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Meet Senator

Art Eggleton

The Hon. Art  Eggleton, P.C. Senator Art Eggleton has served the people of Canada and the city of Toronto in public office for over 35 years. He was appointed to the Senate on March 24, 2005, by the Rt Honourable Paul Martin and represents the province of Ontario.

Budget 2012

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Published by Senator Grant Mitchell on 05 April 2012

Here are some of my thoughts about the first Conservative majority budget:

1. It confirms for me that it is very unlikely that they will ever balance the budget, without fudging the figures like they did in their Ontario government in the late 1990s. They are cutting only $5.5 billion while at the same time continuing with a crime agenda that will cost as much as $19 billion over the next 5 to 10 years. And they continue in their commitment to the F35 jets which to this point are literally priceless and are only getting more expensive.

I am convinced that they cannot truly balance the budget because they are driven to spend ideologically. Management is of lesser priority than their ideological impulses and eludes them when the crunch comes.

2. They have literally gutted environmental programs, particularly any directed at climate change. Shockingly, they shut down the National Roundtable on the Economy and the Environment completely. They have laid off upwards of 1000 employees in the Environment Department, many of them scientists. They have shut down pretty much every program designed to help Canadians reduce GHG emissions. They have reneged on Kyoto.

3. And, now they are attacking charities (read environmental groups) for participating in the public policy debate in this country. The Conservatives morph from argument to argument; as one is exposed for the unfounded, biased attack that it is, they move to another. First, it is that charitable groups should not be allowed to take money from foreign sources, implying that somehow this costs taxpayers something because this money is charitable.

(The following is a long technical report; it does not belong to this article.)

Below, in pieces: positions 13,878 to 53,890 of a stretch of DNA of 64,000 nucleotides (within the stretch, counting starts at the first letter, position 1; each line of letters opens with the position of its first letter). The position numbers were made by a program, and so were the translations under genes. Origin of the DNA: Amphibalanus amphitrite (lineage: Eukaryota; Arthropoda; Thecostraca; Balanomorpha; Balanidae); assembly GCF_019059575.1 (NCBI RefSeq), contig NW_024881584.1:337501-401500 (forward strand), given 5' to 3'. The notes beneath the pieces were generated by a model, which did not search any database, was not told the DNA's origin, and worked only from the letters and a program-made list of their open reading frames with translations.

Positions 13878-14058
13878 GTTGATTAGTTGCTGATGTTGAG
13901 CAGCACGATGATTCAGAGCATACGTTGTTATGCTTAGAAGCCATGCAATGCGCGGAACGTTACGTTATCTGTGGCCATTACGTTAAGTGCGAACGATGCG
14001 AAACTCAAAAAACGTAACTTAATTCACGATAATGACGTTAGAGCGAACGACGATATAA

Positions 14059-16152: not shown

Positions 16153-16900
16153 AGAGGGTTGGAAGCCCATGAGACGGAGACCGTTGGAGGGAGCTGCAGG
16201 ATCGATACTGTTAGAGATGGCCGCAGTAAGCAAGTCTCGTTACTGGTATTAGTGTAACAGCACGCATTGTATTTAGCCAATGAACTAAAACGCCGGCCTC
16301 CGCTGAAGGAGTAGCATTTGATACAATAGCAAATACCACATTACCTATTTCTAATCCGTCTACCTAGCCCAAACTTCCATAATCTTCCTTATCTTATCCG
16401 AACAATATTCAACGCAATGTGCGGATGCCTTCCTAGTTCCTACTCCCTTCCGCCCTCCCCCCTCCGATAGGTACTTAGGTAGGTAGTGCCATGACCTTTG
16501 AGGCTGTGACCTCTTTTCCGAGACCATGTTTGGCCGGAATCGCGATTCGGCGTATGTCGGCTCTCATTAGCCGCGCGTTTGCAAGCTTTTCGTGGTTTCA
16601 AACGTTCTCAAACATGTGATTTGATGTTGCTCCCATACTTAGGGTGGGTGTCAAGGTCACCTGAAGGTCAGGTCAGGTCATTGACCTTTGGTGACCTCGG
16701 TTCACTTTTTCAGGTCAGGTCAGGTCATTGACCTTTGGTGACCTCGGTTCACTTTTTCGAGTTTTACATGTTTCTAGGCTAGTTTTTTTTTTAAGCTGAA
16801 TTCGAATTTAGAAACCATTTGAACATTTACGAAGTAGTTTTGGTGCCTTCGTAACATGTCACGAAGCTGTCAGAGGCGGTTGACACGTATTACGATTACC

But, of course, foreign foundations do not pay taxes in their own countries, let alone in Canada. So, they then morph to the argument that Canadian charities (read environmental groups) should not get the benefit of charitable tax treatment for the money they raise even from Canadian donors and be able to participate in public policy debate (read debate and the environmental review process on oil sands projects).

Now, the budget is calling for charities to be required to give more information about their "political" activities. And, it gives $8.0 million to CRA to review this issue. Let's remember that no charity is allowed to support political parties and maintain their charitable status now.

This will have the effect of creating a chill over environmental groups that have every right to participate in the environmental debate in this country.

Who is to decide which political activity is acceptable and which is not? What about the fundamental groups and churches that have charitable status and certainly engage in "political" debate?

4. They say they are cutting $5.0 billion over 3 years leading people to believe that they are reducing spending. But, in fact spending is going up from $276 billion to $296 billion over that time.

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3 Mar, 2014 | By Senator Charlie Watt | I have just celebrated an anniversary here in the Senate and would like to thank my colleagues for their kind words.

Arctic Sovereignty: Part Three

28 Feb, 2014 | By Senator Charlie Watt | Over the past year, Dr. Claudio Aporta of Dalhousie University has prepared a report titled, Inuit Trails and Arctic Occupancy. His work is unique, as it’s the first to clearly compile and analyze historical maps of Inuit occupancy of the Arctic. Dr. Aporta used written histories, often based on other historical documents and oral history.

Arctic Sovereignty: Part Two

21 Feb, 2014 | By Senator Charlie Watt | In the Fall of 2012, the Senate Liberal Caucus commissioned a report by Peter Hutchins Legal Inc, titled Inuit: Canada’s Treaty Partners or Free Agents? An Argument for an Inuit-Canada Joint Approach to Addressing Sovereignty Disputes in the Arctic.
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